Around the Columns
Michael Leahy, a sophomore English major from Linn Creek, Mo., works with Melissa Ryder, a junior journalism major from Libertyville, Ill., to prepare a driveway for cement at a Habitat for Humanity site. Photo by Mary Fama
Paul “Teddy” Menke has called several places home. He grew up in Naperville, Ill.; helped his father build their family house in Berger, Mo., in 2004; and moved into an MU residence hall his freshman year in 2009.
Then, there’s Mary Jane Street in Columbia. Menke has never lived there, but during his sophomore year he helped build two of the neighborhood’s Habitat for Humanity homes, which sit across the street from each other.
The project started in fall 2010, when Menke, a peer adviser in Defoe-Graham, arranged a Habitat volunteer workday for the Freshman Interest Group (FIG) he advised. The students poured a concrete driveway, dug a path for a sidewalk and helped landscape the yard.
“My FIG was Social Justice Issues, so Habitat offered a good way to explore public housing,” he says. “At the end of the day, we were so tired, but who else can say they woke up at 9 a.m. and poured a driveway this morning. The students liked it, so I organized another to give more students a chance to help the Columbia community.”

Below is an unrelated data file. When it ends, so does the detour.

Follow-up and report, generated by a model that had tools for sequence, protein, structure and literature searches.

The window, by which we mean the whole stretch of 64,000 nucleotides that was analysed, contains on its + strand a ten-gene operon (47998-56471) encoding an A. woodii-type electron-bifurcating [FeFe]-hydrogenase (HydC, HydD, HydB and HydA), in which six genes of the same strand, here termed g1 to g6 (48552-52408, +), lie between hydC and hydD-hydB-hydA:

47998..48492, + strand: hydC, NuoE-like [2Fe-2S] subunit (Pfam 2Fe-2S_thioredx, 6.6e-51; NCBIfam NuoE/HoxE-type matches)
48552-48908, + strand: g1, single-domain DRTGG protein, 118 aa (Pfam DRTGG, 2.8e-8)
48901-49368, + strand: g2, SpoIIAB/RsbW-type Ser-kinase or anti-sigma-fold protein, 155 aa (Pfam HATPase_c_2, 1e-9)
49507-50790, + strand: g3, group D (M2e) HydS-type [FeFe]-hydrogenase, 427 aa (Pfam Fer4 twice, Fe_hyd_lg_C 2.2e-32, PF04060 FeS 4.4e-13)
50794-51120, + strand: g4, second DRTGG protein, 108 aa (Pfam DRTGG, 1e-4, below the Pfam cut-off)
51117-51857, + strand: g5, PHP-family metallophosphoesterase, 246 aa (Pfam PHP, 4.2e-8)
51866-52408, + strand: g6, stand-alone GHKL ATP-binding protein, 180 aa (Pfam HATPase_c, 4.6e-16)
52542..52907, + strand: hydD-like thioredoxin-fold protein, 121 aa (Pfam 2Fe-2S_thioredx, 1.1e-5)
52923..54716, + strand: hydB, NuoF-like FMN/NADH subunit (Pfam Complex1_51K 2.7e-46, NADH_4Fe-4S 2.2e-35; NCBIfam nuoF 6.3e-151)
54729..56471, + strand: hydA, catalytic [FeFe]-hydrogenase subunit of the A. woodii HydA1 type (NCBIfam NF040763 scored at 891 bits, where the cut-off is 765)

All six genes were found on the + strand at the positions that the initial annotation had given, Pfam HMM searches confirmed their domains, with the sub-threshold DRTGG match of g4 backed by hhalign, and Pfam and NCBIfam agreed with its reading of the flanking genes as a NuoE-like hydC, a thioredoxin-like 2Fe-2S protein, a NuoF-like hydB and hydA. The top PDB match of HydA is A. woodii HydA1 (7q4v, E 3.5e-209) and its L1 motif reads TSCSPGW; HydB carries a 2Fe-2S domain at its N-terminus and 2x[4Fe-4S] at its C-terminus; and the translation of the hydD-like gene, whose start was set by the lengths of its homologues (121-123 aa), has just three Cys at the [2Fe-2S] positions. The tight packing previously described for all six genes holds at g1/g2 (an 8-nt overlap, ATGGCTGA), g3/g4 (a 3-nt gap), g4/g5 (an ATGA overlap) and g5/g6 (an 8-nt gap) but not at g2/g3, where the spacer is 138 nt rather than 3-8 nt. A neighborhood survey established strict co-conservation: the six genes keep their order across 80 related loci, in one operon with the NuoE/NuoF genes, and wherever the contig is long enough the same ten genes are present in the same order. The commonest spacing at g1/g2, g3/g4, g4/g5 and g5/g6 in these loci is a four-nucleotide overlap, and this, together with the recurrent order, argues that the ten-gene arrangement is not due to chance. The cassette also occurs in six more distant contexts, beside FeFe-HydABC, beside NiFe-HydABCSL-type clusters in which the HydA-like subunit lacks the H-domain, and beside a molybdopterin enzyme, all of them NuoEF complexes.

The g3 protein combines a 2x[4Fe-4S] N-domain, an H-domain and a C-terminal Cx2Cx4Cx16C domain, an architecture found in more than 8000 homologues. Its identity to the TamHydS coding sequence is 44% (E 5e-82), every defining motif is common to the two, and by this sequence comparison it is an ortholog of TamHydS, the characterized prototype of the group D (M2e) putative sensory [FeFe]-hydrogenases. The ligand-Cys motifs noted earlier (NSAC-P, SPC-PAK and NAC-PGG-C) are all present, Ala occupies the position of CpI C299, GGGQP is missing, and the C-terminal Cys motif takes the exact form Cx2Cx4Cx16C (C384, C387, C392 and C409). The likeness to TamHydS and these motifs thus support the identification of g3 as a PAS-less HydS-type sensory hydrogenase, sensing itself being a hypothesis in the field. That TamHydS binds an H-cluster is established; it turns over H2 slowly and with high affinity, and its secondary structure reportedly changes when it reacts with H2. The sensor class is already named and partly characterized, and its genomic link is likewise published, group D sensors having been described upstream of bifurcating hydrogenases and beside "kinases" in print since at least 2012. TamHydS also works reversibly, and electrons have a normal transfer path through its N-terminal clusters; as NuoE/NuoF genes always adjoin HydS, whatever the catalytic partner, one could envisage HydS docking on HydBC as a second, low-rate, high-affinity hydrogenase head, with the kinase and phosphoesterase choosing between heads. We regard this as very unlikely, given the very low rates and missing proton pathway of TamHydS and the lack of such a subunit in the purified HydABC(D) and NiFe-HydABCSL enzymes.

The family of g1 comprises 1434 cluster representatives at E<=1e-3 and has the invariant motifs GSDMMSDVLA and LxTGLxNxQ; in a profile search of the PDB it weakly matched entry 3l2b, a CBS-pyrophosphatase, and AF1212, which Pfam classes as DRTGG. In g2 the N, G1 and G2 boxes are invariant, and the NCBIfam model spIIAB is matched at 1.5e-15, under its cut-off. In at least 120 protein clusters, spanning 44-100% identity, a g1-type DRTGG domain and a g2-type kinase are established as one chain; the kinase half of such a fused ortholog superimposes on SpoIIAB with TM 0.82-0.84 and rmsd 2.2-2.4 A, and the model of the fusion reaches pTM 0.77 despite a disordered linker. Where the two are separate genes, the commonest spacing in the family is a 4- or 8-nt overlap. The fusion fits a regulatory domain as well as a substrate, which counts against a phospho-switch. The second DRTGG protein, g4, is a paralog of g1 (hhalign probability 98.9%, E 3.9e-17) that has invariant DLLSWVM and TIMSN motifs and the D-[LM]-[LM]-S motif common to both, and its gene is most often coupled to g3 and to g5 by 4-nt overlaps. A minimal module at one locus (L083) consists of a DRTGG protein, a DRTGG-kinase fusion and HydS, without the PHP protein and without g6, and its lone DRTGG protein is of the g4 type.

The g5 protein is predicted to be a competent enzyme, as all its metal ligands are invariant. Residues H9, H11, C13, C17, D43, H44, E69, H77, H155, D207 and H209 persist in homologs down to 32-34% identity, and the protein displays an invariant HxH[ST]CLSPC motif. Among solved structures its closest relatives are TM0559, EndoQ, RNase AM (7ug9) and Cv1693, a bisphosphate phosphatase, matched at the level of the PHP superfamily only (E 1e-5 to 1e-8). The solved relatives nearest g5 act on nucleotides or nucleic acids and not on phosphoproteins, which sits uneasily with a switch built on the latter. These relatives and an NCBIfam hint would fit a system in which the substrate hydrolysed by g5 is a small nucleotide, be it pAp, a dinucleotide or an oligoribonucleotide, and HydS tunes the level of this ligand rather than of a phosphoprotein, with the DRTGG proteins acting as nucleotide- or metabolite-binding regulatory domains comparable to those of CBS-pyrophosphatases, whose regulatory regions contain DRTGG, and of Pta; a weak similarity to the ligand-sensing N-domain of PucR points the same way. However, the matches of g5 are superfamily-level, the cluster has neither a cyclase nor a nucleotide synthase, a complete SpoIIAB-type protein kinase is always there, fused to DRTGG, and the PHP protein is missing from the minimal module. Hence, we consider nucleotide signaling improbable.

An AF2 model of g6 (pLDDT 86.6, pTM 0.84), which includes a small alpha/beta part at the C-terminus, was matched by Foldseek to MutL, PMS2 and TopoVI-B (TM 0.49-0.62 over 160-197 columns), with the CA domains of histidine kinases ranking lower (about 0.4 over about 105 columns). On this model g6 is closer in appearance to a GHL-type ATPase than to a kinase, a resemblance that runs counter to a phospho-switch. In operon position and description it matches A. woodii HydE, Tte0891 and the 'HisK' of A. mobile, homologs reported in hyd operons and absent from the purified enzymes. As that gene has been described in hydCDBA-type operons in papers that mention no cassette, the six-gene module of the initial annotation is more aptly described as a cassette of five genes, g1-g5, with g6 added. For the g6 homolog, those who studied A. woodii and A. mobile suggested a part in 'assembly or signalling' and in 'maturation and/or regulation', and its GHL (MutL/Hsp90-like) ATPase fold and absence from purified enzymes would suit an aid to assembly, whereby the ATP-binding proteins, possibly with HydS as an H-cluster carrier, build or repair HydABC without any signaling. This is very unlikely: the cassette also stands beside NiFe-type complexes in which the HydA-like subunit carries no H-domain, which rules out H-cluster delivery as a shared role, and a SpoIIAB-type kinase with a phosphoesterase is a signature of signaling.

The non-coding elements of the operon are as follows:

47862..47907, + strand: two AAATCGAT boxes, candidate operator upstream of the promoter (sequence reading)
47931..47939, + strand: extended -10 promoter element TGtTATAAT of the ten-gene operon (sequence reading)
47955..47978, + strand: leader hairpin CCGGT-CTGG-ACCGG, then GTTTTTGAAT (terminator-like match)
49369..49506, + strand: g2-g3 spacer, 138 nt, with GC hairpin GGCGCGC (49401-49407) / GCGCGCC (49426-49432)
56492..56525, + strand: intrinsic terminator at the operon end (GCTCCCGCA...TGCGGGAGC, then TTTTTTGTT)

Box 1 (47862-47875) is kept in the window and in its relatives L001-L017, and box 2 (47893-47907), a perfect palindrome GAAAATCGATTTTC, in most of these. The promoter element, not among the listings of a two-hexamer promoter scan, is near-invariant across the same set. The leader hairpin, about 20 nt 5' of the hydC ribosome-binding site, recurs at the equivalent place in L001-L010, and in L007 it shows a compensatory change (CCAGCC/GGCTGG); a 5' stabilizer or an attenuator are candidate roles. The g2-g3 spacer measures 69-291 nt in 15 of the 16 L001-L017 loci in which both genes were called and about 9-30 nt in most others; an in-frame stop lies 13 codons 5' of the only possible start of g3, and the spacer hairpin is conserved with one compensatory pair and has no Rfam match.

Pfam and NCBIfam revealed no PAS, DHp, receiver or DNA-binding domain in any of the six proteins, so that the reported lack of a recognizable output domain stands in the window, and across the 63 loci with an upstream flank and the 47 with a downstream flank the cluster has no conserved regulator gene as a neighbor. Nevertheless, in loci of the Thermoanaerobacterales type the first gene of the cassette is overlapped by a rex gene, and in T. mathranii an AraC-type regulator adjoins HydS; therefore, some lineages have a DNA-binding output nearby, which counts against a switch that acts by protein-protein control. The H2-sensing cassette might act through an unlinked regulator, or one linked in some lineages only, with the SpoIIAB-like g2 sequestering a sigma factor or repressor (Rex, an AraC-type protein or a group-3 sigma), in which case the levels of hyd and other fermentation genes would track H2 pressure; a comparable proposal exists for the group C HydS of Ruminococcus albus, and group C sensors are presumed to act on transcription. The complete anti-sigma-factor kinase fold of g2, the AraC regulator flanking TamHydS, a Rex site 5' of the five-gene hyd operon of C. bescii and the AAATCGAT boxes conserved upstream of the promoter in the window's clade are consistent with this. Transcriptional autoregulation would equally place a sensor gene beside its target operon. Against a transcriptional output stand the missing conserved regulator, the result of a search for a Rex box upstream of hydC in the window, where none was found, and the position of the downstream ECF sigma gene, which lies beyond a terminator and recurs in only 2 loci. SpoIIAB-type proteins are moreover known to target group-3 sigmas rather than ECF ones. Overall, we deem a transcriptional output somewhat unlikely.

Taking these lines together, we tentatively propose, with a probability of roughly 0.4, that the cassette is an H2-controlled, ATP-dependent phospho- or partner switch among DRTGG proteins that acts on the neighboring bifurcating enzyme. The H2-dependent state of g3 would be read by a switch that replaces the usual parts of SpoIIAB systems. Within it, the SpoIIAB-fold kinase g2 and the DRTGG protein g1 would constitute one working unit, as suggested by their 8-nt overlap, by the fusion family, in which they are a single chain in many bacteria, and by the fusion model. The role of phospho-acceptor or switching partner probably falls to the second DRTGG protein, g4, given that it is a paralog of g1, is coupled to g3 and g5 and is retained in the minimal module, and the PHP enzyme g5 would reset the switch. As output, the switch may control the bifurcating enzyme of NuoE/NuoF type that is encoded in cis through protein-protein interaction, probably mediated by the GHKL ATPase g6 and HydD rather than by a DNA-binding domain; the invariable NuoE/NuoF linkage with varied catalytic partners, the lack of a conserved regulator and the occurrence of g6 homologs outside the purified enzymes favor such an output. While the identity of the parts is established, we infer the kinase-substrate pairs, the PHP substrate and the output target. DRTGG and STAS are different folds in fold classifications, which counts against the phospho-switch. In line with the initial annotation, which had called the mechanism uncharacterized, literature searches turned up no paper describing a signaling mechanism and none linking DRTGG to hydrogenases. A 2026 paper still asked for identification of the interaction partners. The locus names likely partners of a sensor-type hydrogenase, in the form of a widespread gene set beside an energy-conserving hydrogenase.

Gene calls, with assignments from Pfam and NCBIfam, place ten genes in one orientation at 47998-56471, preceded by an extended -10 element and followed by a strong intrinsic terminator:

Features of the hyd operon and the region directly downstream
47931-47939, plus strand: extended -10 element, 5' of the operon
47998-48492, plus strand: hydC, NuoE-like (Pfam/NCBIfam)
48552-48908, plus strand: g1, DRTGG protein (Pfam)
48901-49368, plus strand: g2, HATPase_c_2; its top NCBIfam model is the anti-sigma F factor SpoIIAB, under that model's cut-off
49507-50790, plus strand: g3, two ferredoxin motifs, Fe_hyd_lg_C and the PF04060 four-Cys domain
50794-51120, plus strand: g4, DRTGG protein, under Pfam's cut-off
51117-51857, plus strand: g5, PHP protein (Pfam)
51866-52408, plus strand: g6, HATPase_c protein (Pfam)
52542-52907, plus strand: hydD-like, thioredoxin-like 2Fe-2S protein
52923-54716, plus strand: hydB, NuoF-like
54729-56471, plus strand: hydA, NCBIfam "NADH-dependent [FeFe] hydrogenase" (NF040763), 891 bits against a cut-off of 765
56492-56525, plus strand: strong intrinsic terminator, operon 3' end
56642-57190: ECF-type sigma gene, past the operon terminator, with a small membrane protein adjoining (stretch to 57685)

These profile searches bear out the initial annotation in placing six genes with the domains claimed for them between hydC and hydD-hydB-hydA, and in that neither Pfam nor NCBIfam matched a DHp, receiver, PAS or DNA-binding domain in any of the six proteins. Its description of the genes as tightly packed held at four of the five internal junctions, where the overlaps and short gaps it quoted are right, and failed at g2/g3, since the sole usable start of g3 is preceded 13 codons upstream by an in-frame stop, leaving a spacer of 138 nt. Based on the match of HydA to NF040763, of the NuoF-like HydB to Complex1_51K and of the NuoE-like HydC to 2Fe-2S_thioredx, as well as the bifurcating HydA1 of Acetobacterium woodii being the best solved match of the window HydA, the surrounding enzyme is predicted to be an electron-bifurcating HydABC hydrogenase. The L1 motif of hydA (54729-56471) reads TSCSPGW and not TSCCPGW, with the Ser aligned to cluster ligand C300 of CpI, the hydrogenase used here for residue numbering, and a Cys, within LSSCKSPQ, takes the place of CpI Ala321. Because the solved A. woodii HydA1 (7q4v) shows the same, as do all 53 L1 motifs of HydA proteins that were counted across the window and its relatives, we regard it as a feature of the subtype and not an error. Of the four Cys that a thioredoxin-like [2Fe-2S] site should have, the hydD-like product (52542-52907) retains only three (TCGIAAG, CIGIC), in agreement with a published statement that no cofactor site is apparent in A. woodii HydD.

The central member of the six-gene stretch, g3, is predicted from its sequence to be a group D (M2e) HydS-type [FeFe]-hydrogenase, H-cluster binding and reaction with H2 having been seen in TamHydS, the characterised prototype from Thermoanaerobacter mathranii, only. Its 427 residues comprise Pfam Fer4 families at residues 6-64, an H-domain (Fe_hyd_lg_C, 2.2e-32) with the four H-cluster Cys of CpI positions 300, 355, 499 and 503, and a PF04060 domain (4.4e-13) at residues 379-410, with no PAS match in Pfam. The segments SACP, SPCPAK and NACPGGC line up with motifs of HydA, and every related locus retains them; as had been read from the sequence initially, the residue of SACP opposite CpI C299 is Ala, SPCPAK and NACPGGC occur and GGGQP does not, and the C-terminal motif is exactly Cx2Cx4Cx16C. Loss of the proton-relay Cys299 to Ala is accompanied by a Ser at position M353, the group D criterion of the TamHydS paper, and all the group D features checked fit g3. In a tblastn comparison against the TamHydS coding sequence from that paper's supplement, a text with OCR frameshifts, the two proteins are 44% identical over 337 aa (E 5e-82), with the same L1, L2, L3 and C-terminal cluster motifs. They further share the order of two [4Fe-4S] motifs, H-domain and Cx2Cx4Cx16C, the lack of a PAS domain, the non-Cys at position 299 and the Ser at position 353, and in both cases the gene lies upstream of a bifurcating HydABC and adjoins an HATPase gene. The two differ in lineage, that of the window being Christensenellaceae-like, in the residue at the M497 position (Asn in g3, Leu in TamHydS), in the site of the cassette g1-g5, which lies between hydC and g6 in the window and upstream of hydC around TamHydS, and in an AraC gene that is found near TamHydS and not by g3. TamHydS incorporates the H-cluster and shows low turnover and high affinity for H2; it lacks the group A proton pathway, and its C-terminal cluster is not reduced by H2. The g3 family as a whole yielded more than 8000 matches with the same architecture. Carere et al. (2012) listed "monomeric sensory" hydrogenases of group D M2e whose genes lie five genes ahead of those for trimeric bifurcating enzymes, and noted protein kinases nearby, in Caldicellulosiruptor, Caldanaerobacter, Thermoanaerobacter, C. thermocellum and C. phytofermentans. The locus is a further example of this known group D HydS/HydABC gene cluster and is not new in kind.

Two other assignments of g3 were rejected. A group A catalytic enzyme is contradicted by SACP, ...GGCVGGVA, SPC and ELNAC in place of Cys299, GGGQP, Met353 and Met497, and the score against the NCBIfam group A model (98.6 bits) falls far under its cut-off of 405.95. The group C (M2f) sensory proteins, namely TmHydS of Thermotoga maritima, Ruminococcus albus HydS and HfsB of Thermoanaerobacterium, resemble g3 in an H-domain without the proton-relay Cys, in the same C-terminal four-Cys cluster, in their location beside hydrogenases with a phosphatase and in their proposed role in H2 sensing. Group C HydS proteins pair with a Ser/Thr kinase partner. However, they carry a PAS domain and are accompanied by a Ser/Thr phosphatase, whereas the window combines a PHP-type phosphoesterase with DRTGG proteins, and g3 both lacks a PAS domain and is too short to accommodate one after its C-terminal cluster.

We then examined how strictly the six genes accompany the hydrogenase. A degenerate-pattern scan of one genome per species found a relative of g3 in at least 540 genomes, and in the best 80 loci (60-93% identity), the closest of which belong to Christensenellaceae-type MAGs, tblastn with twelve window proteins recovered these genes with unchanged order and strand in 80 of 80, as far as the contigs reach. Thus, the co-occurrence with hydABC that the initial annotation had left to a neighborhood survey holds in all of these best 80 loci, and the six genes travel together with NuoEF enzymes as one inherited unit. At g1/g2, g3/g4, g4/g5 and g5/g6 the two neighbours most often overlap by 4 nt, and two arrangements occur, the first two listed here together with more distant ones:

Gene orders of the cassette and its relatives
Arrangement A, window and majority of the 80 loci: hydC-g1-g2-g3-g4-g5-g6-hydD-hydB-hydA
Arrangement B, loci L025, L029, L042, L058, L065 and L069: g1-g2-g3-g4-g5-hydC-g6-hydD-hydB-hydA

On the morning of April 30, more than a dozen Defoe-Graham residents gathered at the second job site. They supported the sides of the soon-to-be-poured driveway with dirt and created a slope in the backyard to assist with drainage. Their sweat and blisters didn’t deter them from belting out radio hits and joking with Habitat supervisor Bob Shannon.
Ellen Huch, a sophomore human development and family studies major from St. Louis, admits that she struggled to wake up early on a Saturday but enjoyed the camaraderie — and learned some landscaping basics.
“I’ve definitely never done anything like this before,” says Huch, while digging a narrow ditch near the driveway. “I mowed my mom’s lawn once.”
Shannon supervised the shoveling with an approving smile. “You guys have restored my faith in the younger generation,” he told them. The students left with sore muscles and a renewed sense of community.